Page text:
The whole “Mayan Calendar” doomsday scenario of late 2012 was an amusing, if ultimately pointless, event that will largely vanish into memory as time passes. For board game fans, however, it will forever be immortalized by the brilliant Tzolk’in: The Mayan Calendar, designed by Italian Daniele Tascani with help from fellow countryman Simone Luciani. Tzolk’in appeared on a truly impressive number of year’s best lists from late 2012 to early 2014, winning a half-dozen awards and nominated for at least twice as many more in that span.
While Tzolk’in takes several tried-and-true mechanics and mixes them together into a strategic whole, it is its dynamic take on worker placement that everyone remembers first and foremost. Also, the fact that said worker placement happens on giant plastic gears gives it both a unique visual look and a ready-made nickname (“that gear game”). There are six such gears, a giant central one divided into four quarters and five smaller gears attached to it.
Each turn, a player must either place or retrieve one or more workers, but cannot do both. Workers are placed on the smaller gears with costs in corn corresponding to their locations and how many additional workers that player has placed that turn. Retrieved workers earn the benefit of their current location on their gear, which will depend on how many turns have passed since they were placed. They may instead use the benefit of any space they have passed, for the additional cost of one corn per space back.
After each player has executed an action for a round, the start player rotates the central gear one mark. This in turn advances each of the smaller gears and any workers on them one space as well. It is possible for a neglected worker to move past the final space on their gear, at which point it is lost. Additionally, there is one non-gear space on which a single worker can be placed. Whoever does so becomes the start player, earns corn equal to the number of turns since the last time someone used this space and has the (usually) one-time option of turning the center gear two spaces. This is a powerful ability and can really accelerate — or mess with — everyone’s plans, so use it wisely.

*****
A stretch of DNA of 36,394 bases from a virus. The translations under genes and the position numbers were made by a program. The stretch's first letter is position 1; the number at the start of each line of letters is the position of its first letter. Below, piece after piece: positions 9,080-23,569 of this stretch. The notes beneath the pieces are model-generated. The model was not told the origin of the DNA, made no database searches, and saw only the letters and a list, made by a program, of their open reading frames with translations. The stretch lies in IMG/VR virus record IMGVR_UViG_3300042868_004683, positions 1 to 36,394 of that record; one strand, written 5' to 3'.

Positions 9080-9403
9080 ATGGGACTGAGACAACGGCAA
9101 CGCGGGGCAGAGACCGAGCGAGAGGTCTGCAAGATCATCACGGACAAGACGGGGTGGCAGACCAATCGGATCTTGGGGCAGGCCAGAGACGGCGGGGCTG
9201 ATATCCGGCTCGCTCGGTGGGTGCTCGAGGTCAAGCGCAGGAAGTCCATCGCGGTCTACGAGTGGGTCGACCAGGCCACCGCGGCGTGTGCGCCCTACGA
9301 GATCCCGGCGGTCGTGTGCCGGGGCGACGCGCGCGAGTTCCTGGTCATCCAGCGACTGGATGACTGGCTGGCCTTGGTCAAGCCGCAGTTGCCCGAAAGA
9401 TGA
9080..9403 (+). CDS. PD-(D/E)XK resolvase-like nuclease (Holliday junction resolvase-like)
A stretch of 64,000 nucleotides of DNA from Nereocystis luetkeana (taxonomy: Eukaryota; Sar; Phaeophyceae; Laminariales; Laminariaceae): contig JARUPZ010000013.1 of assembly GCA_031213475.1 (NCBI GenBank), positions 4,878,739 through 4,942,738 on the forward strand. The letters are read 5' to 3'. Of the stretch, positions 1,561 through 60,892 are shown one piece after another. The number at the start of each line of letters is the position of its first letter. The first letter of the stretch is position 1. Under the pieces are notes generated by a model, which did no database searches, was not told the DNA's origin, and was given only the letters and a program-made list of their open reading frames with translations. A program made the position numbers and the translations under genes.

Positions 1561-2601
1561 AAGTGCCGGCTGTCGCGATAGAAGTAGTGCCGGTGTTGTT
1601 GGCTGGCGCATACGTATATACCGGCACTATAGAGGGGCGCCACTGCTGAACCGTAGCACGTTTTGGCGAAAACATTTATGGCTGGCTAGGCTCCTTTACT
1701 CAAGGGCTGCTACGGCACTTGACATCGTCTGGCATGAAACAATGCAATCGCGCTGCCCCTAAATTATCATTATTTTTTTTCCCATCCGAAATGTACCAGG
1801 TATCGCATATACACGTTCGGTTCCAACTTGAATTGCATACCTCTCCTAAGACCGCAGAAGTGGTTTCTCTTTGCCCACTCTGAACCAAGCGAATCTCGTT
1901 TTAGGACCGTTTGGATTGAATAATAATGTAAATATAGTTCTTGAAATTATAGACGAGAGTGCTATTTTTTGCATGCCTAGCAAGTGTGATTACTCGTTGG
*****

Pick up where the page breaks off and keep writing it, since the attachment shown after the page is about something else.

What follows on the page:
The five small gears represent different areas of Mayan culture. The green track gains players wood or corn, while the brown track provides wood, stone, gold and crystal skulls. The red track allows players to convert resources into either buildings, temples or advancements in technology (like agriculture). Crystal skulls can be placed on the blue track for massive points and favor of one of the three gods. Finally, the yellow track lets players use corn to purchase a grab bag of other effects. Temples and the gods are the two main sources of points, so be sure to have those goals in mind while collecting resources.
When the central gear passes one of its quarter markers, players must provide two corn to each active worker they possess or lose three points per worker they could not satisfy. Corn is so vital to this game, acting as both food and a basic currency, that there is even an option to “beg” for corn at the cost of some of your hard-earned favor. You can only use this if you start your turn with fewer than three pieces, but it might be better than being able to do next to nothing. The game ends following the fourth feeding day.
A game of Tzolk’in will take about 90 minutes once everyone knows what they’re doing. That said, this is one of the most brain-burning games I’ve played in some time, as you have to plan moves several turns in advance to make sure your workers are where you need them to be at the right time. Expect your first few games to take longer, probably up to two full hours, as there are literally a lot of moving parts here.
Tzolk’in keeps games interesting by introducing two elements of randomness in set-up. Firstly, the specific monuments available to players are selected at random from the available pool. Which monuments are actually out there will enable certain strategies and make others less viable. Monuments aren’t strictly necessary to score well, but the right ones can be worth a large stack of points at the end of the game.
The other factor are the four “wealth” tiles dealt out to each player, of which they get to select and keep two. These tiles will determine what resources each player will receive at the start of the game, as well as possibly providing other benefits. Which wealth tiles you keep will have a dramatic impact on your plans. Of course, this becomes easier as you gain more experience with the game and recognize its various paths to victory.
Interestingly, the wealth tiles that aren’t dealt out also have a function: they indicate where “dummy” workers are placed when playing with fewer than four players. These “dummies” occupy spaces on the gears, making those spaces unavailable to the players. As this is less than ideal when it comes to strategy, it is recommended to always play Tzolk’in with four players whenever possible although learning games with fewer are probably fine.
As I mentioned, Tzolk’in is as advanced as board games come without delving into wargaming. The kind of player who enjoys this type of game will really enjoy Tzolk’in, but more casual players will most likely be lost. Know your audience here and you’ll reap rewards. (Also: corn.)
Tzolk’in: the Mayan Calendar retails for $60.